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As much as I write and talk about hunting, here and elsewhere, you might think I’ve been doing it all my life, but the truth of the matter is that I didn’t pick up a gun and shoot a deer until I was 17 years old. My buddy Will thought it was a travesty that I lived on 40 acres of land, and I hadn’t yet hunted it. I didn’t own a rifle, or camo, or doe urine to spray on my boots, or anything else that I’d seen on hunting shows on television. Will told me not to worry, that he’d take care of everything, spent the night at my house, and woke me up early on opening morning to take me out.

Long story short, I got a buck within about 30 minutes of it being legal sunrise. But I wasn’t hooked until a month later when I picked up a couple boxes of dried sausage packed in butcher’s paper. The first bite had me hooked for life. And since that day, I’ve eaten damn near everything I’ve killed save for a couple raccoons. But it wasn’t until recently that I got spiritual about eating meat.

I think it had a lot to do with living in the big city, and seeing the endless rows of meat available in the local grocery store, and then watching as families loaded up on bacon, and sausage, and steaks, and chops. Shortly after seeing these folks lining up to get their pretty shrink-wrapped packages of meat, I’d head out to the ranch for hunting season. I’d shoot a deer, spend all morning preparing the meat for the processor, and once a year I’d process the whole thing myself making jerky.

Taking an animal on the hoof and turning it into something you can safely eat is hard work. And hard on the mind too. You take the life of something that was previously munching grass and enjoying the morning sun warming her coat. Sometimes, death doesn’t come immediately and you sit with an animal knowing they aren’t feeling pain, that the brain is the dead, but the body is fighting on. In that moment, you become connected with a dormant part of yourself. People joke about being apex predators, and being atop the food chain, but when you stop outsourcing the gritty parts of being a predator, you gain a better understanding of yourself.

Putting that kind of sweat equity into a meal is something that a lot of folks just don’t get the opportunity to do, and if they did, we’d probably have a lot more vegetarians. I’ve often weighed the prospect of moving strictly to eating meat that I’ve taken from the field. And in the past year, I’ve become more enamored of the idea.

The line in the title of this post is a direct quote from my sister’s boyfriend shortly after they started dating. He’s pretty rabidly anti-gun, a somewhat unavoidable characteristic among many Austinites. One evening, he went on a rant to my sister about how ridiculous it is that I own, shoot, and write about firearms. While my sister was defending my ownership and usage of firearms to him, she mentioned that I take to the woods each fall to hunt. To which he replied, “That’s ridiculous. You can get meat in the store!”

I guess it has been almost two years since she relayed that conversation to me, and I realized hearing that was the moment where I started taking hunting very seriously, and I doubled down on taking new hunters to the field. Because at that moment, I realized how divorced my fellow humans are from their food. If you’ve never taken to the field, put another living thing in your sights, pulled the trigger, and subsequently taken good care of the kill, you’re missing out on a truly human experience.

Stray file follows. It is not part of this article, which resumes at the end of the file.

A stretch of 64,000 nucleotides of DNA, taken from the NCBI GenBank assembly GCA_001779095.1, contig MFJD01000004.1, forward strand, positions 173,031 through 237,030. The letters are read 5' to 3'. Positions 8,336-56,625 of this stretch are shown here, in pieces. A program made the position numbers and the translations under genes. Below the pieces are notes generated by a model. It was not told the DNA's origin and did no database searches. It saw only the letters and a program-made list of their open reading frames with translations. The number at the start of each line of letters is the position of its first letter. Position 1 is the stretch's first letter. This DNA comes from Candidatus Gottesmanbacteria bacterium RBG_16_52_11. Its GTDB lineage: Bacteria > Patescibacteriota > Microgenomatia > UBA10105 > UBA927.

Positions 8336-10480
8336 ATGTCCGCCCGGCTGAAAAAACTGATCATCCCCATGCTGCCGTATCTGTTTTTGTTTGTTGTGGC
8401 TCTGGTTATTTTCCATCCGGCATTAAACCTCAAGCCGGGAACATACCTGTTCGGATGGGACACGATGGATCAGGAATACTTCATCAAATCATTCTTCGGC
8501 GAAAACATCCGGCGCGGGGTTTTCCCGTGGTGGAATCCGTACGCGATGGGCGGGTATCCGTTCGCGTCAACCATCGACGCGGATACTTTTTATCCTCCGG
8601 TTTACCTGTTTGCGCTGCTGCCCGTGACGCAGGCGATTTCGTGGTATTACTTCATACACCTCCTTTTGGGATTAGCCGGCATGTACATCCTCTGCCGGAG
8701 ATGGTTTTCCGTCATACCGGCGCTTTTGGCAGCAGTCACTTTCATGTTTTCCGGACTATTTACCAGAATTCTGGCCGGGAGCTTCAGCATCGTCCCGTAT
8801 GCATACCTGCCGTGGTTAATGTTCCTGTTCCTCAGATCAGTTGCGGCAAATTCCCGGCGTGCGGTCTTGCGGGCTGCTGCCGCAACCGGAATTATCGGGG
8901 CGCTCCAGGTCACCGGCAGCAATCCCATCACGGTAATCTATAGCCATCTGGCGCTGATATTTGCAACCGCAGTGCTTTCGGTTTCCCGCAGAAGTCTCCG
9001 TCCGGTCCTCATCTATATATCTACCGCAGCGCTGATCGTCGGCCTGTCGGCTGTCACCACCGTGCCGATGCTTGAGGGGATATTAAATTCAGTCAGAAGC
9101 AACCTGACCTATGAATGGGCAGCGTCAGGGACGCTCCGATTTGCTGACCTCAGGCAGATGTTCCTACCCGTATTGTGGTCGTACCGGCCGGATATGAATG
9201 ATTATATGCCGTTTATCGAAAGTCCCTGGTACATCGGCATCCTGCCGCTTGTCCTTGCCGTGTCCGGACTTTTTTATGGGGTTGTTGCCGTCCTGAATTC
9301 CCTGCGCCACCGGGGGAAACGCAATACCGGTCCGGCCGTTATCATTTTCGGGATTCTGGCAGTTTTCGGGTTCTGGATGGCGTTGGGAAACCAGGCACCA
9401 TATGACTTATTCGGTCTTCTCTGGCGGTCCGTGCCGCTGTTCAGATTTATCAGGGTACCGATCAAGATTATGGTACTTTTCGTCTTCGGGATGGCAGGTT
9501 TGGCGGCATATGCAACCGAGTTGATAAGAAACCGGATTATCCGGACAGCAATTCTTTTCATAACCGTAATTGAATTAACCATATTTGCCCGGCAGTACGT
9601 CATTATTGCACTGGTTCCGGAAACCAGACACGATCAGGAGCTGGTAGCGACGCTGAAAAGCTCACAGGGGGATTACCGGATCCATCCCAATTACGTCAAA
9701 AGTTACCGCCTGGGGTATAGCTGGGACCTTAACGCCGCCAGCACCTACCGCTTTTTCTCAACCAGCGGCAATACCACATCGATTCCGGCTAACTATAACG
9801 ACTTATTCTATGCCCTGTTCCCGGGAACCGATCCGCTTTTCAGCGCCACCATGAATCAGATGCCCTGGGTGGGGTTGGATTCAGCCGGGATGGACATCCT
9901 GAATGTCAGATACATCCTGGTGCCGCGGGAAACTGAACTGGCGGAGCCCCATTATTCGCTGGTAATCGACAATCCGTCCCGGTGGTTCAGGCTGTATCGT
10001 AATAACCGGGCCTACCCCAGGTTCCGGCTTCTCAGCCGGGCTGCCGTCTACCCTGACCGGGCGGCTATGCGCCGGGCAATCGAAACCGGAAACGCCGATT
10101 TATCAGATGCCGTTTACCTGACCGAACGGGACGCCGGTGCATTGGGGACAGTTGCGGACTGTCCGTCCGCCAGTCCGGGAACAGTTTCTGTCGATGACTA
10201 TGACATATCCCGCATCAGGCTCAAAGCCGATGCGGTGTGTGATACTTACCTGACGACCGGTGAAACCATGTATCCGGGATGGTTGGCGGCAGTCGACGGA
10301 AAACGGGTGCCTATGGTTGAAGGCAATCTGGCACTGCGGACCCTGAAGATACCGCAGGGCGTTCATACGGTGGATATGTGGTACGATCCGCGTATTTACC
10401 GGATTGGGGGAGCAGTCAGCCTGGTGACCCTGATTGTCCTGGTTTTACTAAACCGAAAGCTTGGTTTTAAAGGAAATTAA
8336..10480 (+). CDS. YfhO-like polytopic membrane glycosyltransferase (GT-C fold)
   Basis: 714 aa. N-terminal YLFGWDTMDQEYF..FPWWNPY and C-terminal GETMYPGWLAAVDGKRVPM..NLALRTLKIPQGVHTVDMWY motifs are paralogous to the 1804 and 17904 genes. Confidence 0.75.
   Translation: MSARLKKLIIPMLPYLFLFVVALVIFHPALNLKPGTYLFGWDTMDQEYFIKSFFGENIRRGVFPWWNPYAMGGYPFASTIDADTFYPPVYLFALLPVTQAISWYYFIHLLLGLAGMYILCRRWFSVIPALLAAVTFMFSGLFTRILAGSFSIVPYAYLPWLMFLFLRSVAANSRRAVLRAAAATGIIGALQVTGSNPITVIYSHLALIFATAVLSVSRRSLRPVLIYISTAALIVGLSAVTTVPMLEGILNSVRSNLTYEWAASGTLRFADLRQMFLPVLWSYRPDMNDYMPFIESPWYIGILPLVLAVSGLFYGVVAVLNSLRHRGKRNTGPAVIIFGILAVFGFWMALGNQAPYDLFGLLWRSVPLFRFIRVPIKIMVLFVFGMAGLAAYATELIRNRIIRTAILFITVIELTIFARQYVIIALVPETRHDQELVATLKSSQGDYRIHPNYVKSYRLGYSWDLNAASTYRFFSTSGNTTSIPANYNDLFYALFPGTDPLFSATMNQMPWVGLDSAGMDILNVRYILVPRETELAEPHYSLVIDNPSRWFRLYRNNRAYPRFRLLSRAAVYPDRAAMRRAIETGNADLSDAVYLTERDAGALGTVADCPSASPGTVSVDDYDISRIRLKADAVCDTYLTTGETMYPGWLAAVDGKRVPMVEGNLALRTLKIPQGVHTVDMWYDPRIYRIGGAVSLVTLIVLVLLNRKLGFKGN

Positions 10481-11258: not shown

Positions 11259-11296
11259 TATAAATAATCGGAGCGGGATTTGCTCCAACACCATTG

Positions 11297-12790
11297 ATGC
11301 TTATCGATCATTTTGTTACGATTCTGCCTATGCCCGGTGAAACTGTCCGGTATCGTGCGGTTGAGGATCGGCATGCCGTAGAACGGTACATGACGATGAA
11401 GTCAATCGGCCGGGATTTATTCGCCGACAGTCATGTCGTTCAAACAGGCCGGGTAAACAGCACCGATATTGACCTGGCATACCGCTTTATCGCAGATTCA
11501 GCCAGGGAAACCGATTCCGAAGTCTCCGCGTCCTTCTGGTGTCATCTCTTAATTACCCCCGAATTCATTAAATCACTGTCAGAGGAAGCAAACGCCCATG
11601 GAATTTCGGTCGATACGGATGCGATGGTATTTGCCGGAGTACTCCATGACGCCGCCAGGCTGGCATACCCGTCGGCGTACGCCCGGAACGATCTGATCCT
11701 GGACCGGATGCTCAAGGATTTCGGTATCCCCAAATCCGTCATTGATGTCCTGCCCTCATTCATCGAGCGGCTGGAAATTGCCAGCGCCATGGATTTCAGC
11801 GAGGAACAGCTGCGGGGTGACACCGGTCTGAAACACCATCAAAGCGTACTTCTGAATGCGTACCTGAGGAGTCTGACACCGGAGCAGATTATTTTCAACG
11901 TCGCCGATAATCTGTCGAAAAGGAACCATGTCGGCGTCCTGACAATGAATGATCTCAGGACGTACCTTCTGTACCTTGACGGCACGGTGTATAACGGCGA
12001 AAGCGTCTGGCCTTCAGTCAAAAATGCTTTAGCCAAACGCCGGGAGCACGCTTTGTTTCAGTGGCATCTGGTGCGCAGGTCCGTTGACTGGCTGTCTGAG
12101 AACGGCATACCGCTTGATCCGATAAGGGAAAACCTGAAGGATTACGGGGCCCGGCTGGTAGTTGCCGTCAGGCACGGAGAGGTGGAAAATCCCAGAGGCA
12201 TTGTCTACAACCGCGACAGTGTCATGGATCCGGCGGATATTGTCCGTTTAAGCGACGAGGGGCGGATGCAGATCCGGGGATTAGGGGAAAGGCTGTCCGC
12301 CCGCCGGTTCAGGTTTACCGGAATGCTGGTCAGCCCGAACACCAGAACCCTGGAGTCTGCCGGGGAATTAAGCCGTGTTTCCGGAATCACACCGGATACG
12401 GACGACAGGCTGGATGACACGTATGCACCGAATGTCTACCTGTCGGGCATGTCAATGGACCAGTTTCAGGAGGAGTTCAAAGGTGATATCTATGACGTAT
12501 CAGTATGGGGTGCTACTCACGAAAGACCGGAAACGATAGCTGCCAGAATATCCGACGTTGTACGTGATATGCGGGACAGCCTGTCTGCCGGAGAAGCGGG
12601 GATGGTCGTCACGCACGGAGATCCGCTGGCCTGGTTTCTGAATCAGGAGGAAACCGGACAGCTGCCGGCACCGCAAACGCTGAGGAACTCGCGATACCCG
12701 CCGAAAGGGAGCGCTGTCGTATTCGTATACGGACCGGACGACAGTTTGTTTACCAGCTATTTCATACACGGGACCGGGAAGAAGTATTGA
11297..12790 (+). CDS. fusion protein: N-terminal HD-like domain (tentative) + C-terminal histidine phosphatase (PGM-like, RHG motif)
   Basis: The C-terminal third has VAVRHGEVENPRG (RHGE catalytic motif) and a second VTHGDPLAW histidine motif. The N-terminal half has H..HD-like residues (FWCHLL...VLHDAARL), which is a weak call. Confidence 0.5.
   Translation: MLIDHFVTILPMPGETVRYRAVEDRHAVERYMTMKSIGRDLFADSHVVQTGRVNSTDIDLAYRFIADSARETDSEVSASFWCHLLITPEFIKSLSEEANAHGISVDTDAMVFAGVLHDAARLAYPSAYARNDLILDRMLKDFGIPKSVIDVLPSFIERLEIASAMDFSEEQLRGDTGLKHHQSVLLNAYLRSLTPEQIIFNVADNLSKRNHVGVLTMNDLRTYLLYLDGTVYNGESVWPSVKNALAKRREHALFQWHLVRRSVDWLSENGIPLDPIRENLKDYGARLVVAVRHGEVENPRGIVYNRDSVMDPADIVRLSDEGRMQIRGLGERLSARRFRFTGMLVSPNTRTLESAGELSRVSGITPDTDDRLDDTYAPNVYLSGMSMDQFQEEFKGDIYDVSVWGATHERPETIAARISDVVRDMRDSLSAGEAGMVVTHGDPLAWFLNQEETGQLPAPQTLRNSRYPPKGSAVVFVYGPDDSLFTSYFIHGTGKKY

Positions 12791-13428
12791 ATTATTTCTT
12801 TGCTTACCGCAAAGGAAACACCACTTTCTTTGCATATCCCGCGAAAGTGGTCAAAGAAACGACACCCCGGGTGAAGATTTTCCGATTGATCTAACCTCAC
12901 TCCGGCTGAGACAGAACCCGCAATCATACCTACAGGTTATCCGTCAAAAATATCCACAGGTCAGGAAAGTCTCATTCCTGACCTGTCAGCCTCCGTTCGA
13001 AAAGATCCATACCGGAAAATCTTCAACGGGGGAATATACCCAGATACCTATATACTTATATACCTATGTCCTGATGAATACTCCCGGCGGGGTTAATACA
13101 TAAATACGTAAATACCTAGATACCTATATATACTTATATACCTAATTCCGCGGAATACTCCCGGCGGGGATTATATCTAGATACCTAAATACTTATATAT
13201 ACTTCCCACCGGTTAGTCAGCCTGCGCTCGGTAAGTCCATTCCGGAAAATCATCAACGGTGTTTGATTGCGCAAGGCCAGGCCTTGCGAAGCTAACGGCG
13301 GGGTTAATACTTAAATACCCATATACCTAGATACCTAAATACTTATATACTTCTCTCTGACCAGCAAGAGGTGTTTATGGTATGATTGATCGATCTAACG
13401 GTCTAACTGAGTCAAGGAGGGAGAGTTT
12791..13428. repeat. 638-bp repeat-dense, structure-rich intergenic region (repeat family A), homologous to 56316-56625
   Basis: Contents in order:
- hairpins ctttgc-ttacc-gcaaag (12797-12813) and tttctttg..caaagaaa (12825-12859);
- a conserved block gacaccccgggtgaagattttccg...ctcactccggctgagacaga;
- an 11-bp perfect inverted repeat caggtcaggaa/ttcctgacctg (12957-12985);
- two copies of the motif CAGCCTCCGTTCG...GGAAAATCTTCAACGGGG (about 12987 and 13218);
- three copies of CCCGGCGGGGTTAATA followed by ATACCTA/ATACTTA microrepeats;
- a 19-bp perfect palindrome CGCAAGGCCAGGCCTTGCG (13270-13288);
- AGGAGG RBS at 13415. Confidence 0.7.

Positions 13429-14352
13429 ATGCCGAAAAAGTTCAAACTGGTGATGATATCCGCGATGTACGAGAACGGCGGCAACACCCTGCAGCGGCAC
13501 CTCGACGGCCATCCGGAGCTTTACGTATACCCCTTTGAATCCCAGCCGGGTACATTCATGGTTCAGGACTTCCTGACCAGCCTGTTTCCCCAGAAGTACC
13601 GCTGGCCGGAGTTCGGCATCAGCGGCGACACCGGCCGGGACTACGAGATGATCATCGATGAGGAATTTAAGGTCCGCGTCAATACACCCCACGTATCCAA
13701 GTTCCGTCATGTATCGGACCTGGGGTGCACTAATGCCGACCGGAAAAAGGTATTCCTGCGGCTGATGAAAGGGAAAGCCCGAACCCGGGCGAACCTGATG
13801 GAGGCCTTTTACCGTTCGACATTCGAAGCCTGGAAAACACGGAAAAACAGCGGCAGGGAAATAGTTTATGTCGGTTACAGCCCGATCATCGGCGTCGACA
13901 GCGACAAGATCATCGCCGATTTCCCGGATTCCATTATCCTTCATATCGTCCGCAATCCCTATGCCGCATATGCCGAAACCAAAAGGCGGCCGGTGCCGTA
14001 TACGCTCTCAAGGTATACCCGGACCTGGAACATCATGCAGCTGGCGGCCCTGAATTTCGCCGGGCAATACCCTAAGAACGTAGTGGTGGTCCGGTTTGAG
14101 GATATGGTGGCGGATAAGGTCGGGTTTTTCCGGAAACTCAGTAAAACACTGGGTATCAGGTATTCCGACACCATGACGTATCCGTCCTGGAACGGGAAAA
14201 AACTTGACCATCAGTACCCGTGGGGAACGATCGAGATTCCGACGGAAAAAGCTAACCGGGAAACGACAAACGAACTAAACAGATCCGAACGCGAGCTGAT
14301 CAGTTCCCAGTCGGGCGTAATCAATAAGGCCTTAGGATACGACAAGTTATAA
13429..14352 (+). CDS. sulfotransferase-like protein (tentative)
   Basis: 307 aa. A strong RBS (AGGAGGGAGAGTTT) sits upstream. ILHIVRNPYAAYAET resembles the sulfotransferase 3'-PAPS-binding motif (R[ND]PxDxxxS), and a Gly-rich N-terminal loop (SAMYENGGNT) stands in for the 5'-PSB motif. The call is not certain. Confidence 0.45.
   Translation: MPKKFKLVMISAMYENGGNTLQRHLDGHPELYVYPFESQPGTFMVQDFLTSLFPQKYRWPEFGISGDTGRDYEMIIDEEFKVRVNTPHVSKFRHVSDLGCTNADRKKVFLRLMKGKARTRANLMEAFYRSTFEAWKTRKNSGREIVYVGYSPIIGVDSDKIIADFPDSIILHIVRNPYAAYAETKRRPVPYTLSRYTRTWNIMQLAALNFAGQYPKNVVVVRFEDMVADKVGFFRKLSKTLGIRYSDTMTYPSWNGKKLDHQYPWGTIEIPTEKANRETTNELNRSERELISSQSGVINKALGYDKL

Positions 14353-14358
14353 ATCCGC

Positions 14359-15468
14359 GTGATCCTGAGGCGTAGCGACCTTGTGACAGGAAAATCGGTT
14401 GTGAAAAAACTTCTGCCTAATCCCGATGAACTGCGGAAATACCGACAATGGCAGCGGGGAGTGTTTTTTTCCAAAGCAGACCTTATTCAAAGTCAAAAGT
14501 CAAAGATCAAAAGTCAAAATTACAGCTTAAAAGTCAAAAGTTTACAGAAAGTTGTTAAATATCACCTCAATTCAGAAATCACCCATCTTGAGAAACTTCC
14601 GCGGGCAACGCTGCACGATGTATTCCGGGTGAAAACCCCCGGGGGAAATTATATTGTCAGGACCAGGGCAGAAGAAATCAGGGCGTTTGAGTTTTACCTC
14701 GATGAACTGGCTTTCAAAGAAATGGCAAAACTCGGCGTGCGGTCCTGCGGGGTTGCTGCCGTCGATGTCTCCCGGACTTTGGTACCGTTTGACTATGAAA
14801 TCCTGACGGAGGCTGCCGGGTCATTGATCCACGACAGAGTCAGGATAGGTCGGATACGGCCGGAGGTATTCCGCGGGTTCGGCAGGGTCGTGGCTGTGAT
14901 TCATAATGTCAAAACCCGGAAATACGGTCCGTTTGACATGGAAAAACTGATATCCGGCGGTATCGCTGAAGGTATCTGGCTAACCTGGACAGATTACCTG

People make fun of Ted Nugent for his “Spirit of the Wild” ramblings, but he’s dead on when it comes to killing and eating animals. There’s something borderline spiritual about eating a meal consisting of a protein that you took from the field. And yes, I’ll concede that a two-inch thick corn-fed ribeye cooked to the rare side of medium-rare is damn near sublime on the tongue. And a late breakfast consisting of chicken fried backstrap from a healthy doe that was munching acorns that morning is a meal fit for a king.

I encourage all of you to take to the woods and hunt for your meal if you haven’t already. We’ll do our best to provide as much information about hunting, and post kill food preservation as we can, and if there’s anything you want us to cover specifically, leave us a comment and we’ll do our best to get the info out there.

159 Responses to Hunting: “You can get meat in the store!”

    • B.S.
      Steroid hormones are produced by various glands in every animal’s body, and those compounds are, in fact, present in the meat.

      Let’s not turn this post into a diatribe against modern animal agriculture. There’s every bit as much ignorance thrown around that issue as there is from the anti-gun crowd.

      • How about less artificial growth hormones? Although I know for a fact that the deer shot in my neck of the woods (near Friesland, WI) have munched on additives in the nearby corn and alfalfa fields.

        • “Name one of those “additives” found in corn and alfalfa fields.”

          Are we counting the pesticides, herbicides, fertilizers, etc. that the farmer has put on the corn and alfalfa fields?

      • Most industrial cattle is fed corn, which its digestive system is not designed to handle, and which thus leads it to have various diseases present. Industry then pumps the cattle full of antibiotics to counter this. The animals are treated horribly. Chickens are fed to make them enormous sizes to the point that they cannot walk. Their beaks are cut off, they get dropped in scalding water to take off the feathers, etc…hunting can be much more humane. Maybe some of these practices have been reformed, but who knows.

        • For God’s sake Kyle, quit drinking the bunny hugger Kool-Aid!

          The most hilarious part of your ignorant little rant was this:
          “dropped in scalding water to take off the feathers”

          Scalding poultry to remove feathers is, and always has been, how it’s done. AFTER you cut their heads off. Good grief! Ask your grandmother, and get a clue.